Chances are the answer is going to be a YES. The relationship between married persons and creditors is separated by individual or joint debt. Individuals are personally liable for their debts and may be jointly liable with others for their debts. See Division 9 of the Code of Civil Procedure; CCP Section 680.010 et seq. An obligation may belong to an individual or to two or more individuals per CC Section 1429.
Personal liability for the debt of your spouse is found in Part 3 of Division 4 of the Family Code Sections 900-1000. For spousal liability purposes, “debt” is defined as an obligation incurred by a married person before or during marriage, whether based on contract, tort or otherwise (Fam. Code Section 900). A spouse is personally liable for the debts of the spouse in only three circumstances: (1) the debt of one spouse is assigned to the other spouse in the context of divorce proceedings, (2) the spouse becomes personally liable under the necessaries doctrine, and (3) a surviving spouse has liability for the debts of their deceased spouse up to certain limits.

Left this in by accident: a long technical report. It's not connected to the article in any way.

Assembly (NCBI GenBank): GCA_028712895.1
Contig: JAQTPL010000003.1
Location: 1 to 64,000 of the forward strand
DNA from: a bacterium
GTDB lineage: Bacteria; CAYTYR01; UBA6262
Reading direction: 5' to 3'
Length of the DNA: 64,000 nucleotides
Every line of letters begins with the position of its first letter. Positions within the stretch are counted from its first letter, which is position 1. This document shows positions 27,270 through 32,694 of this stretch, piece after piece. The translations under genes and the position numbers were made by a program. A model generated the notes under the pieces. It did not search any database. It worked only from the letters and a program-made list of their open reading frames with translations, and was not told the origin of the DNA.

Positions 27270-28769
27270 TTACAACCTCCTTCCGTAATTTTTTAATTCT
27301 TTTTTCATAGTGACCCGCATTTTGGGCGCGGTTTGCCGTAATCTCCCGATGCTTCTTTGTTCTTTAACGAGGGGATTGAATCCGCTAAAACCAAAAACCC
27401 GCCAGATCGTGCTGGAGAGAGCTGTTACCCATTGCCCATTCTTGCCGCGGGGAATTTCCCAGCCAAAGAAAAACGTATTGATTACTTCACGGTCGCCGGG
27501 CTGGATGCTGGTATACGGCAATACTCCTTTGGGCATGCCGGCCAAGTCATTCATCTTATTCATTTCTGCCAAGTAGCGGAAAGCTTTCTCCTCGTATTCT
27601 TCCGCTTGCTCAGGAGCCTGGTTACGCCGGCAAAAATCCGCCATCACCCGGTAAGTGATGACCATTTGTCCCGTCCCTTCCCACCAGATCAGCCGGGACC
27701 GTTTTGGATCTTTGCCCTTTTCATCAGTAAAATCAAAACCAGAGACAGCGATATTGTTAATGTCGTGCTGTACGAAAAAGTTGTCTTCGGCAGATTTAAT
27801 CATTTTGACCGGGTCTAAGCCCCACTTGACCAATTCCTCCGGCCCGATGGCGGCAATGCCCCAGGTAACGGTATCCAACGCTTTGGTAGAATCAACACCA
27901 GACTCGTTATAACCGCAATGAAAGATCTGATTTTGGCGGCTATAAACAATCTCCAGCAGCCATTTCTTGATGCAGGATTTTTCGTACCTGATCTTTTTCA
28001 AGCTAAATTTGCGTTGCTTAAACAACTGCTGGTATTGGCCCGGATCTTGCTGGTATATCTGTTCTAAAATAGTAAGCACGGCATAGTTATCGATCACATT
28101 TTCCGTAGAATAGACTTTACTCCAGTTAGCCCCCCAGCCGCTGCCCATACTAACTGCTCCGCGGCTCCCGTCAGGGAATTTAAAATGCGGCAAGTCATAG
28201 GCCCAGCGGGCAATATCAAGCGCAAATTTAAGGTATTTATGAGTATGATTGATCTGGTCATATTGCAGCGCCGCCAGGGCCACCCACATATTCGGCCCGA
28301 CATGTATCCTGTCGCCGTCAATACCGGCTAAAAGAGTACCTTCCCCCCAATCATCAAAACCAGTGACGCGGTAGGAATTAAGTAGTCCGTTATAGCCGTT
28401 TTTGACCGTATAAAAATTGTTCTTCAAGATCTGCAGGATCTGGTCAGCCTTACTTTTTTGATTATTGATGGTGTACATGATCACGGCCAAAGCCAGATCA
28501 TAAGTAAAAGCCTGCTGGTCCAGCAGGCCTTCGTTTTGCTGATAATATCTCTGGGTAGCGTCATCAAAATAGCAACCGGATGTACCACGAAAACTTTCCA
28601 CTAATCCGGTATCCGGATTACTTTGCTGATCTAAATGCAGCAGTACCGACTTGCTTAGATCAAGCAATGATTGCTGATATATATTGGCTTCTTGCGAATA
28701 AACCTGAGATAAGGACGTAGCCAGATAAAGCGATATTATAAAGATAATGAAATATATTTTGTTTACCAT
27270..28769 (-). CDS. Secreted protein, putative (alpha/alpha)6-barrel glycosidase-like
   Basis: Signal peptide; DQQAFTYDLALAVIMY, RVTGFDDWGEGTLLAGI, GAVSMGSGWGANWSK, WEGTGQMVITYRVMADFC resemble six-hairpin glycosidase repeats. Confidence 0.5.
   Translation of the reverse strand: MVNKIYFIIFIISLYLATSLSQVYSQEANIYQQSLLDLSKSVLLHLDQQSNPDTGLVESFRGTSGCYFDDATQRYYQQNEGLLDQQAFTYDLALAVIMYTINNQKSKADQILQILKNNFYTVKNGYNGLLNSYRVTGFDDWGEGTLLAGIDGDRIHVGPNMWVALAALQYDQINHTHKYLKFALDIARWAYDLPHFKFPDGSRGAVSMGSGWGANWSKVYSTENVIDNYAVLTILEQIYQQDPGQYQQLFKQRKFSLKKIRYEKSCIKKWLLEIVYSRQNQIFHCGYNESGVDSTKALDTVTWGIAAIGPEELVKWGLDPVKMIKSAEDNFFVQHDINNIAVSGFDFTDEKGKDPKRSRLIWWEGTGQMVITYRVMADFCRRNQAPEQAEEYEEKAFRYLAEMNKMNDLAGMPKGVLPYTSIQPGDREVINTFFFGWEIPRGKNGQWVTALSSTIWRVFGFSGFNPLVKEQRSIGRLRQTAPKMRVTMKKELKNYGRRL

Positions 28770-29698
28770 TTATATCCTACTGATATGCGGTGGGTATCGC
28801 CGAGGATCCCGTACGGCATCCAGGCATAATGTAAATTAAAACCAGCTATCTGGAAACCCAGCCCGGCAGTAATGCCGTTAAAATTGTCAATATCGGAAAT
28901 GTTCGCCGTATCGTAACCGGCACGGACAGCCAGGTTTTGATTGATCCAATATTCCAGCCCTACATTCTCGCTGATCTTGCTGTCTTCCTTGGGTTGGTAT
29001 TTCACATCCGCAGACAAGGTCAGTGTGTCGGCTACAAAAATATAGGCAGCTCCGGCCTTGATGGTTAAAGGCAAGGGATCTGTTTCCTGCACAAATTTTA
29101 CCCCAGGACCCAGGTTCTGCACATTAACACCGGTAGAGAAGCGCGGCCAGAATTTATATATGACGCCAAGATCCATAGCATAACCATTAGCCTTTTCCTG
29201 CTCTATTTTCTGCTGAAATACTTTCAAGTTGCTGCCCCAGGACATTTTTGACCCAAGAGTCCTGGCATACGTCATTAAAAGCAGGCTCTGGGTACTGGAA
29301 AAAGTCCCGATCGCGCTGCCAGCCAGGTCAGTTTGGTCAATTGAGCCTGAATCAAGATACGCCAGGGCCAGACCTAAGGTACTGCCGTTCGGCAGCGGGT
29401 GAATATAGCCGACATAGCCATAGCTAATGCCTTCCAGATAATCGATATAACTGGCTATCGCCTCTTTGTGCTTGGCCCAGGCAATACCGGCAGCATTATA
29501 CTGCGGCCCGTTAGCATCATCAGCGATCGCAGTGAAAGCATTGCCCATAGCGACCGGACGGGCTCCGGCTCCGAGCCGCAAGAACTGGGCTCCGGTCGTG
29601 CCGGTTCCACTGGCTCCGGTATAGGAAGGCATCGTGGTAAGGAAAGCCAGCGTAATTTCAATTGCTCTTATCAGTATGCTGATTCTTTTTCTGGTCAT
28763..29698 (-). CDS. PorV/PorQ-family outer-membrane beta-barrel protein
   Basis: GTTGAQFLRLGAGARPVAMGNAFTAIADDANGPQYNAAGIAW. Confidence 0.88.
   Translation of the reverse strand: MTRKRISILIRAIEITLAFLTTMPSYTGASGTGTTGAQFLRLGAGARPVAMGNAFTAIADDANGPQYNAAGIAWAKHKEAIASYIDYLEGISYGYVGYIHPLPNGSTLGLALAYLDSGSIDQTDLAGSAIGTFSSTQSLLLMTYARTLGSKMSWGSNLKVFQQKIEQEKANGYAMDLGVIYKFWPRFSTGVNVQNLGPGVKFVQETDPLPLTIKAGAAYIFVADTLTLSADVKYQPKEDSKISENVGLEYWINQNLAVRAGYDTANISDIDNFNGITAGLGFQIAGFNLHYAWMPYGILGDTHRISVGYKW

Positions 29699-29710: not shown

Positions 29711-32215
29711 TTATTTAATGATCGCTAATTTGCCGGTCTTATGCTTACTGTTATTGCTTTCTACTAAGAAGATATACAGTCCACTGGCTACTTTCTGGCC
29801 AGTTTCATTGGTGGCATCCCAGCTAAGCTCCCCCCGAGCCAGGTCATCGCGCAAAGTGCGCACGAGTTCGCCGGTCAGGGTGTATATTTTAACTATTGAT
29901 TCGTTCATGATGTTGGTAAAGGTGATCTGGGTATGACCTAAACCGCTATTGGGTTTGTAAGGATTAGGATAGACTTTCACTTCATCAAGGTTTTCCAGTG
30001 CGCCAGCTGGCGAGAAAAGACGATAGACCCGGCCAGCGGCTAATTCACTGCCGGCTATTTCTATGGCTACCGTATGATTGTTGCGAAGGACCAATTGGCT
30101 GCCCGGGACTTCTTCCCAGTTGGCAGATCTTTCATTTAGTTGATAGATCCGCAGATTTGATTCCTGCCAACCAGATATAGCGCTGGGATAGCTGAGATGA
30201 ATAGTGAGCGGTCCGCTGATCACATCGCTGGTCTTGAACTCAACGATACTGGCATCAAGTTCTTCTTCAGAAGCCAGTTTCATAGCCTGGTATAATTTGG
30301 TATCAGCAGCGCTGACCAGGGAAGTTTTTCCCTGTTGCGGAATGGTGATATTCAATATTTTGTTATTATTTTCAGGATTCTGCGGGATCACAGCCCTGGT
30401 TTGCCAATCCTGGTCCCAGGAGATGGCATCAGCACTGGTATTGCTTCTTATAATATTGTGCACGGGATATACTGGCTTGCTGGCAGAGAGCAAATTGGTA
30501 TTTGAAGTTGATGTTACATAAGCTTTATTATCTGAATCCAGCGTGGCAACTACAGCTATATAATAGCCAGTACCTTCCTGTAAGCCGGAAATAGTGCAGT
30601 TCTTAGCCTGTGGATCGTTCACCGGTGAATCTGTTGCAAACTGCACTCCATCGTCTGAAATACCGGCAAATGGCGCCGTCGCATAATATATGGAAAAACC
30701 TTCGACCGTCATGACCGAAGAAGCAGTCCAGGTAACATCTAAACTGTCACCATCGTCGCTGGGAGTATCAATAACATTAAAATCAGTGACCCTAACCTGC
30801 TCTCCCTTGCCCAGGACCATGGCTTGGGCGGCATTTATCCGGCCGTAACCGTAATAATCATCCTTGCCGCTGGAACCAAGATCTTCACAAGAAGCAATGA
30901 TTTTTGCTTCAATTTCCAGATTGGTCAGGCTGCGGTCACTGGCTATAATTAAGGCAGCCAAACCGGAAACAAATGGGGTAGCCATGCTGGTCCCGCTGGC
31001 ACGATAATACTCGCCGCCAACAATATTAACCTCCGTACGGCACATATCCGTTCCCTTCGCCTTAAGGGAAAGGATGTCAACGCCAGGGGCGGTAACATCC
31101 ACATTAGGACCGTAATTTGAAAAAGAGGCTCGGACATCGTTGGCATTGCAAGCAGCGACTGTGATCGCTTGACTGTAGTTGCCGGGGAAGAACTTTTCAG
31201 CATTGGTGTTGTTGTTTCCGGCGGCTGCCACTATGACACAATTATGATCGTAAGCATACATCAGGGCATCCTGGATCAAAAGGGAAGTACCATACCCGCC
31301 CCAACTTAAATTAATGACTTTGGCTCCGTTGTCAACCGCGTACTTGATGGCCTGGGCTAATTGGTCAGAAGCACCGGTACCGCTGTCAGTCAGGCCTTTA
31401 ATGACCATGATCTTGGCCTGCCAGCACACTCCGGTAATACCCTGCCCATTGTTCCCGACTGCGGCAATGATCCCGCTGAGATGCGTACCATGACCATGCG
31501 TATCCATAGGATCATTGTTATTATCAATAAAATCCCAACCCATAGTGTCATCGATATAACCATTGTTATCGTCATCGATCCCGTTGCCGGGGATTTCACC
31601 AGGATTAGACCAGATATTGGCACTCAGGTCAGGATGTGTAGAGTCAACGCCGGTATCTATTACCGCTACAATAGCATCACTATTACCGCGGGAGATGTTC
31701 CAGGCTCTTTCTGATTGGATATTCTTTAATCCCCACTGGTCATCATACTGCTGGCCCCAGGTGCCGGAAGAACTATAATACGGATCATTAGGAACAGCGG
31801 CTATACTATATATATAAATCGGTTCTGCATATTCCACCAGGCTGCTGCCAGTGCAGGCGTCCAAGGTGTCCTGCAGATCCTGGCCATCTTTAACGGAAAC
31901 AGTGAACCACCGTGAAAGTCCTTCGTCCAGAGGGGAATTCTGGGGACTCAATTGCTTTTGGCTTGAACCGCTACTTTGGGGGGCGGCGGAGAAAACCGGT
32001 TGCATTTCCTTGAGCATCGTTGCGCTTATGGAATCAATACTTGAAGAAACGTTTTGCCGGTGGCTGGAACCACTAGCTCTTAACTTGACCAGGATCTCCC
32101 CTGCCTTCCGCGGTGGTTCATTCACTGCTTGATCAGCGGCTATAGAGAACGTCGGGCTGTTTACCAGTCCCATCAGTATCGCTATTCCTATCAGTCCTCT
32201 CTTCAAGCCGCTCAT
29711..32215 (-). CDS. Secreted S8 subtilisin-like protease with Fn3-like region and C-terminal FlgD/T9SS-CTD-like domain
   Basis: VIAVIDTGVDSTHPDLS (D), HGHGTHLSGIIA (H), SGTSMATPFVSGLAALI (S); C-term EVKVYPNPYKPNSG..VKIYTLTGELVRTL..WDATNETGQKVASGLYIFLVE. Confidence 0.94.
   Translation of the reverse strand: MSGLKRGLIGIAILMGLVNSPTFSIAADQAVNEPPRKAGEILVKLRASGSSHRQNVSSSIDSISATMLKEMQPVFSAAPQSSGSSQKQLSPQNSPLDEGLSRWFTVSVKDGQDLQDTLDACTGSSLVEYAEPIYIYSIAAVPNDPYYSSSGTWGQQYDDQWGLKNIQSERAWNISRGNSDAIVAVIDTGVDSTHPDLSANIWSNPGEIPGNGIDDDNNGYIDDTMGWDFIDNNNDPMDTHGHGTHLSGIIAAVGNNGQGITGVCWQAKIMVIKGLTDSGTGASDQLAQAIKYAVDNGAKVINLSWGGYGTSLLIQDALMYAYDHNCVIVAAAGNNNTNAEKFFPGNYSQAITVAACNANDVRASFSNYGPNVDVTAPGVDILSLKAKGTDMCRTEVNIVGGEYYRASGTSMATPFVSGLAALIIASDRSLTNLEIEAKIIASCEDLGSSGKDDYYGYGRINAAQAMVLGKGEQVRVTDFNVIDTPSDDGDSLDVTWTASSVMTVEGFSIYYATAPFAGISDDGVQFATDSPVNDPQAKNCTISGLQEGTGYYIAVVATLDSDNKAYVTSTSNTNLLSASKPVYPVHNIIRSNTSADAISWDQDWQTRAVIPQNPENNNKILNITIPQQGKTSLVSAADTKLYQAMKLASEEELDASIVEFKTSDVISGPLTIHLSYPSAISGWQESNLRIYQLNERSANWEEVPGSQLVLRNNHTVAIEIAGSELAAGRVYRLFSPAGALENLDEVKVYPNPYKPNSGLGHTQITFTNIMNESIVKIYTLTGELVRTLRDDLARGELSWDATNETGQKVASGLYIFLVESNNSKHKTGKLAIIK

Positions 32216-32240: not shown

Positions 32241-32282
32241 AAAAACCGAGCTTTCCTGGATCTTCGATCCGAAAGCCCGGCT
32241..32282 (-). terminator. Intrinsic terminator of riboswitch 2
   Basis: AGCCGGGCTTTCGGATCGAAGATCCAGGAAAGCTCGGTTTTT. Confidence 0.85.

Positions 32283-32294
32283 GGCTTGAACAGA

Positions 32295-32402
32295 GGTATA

In bankruptcy we view these debts in terms of individual and community debts and have some flexibility in whether we advise our clients to file an individual or joint bankruptcy when working with married couples. Remember that we cannot represent married couples when a conflict arises, so it’s important to cooperate with your bankruptcy counsel and disclose everything to them, including whether or not you’re contemplating divorce so that they can properly represent you in obtaining the fresh start that you deserve.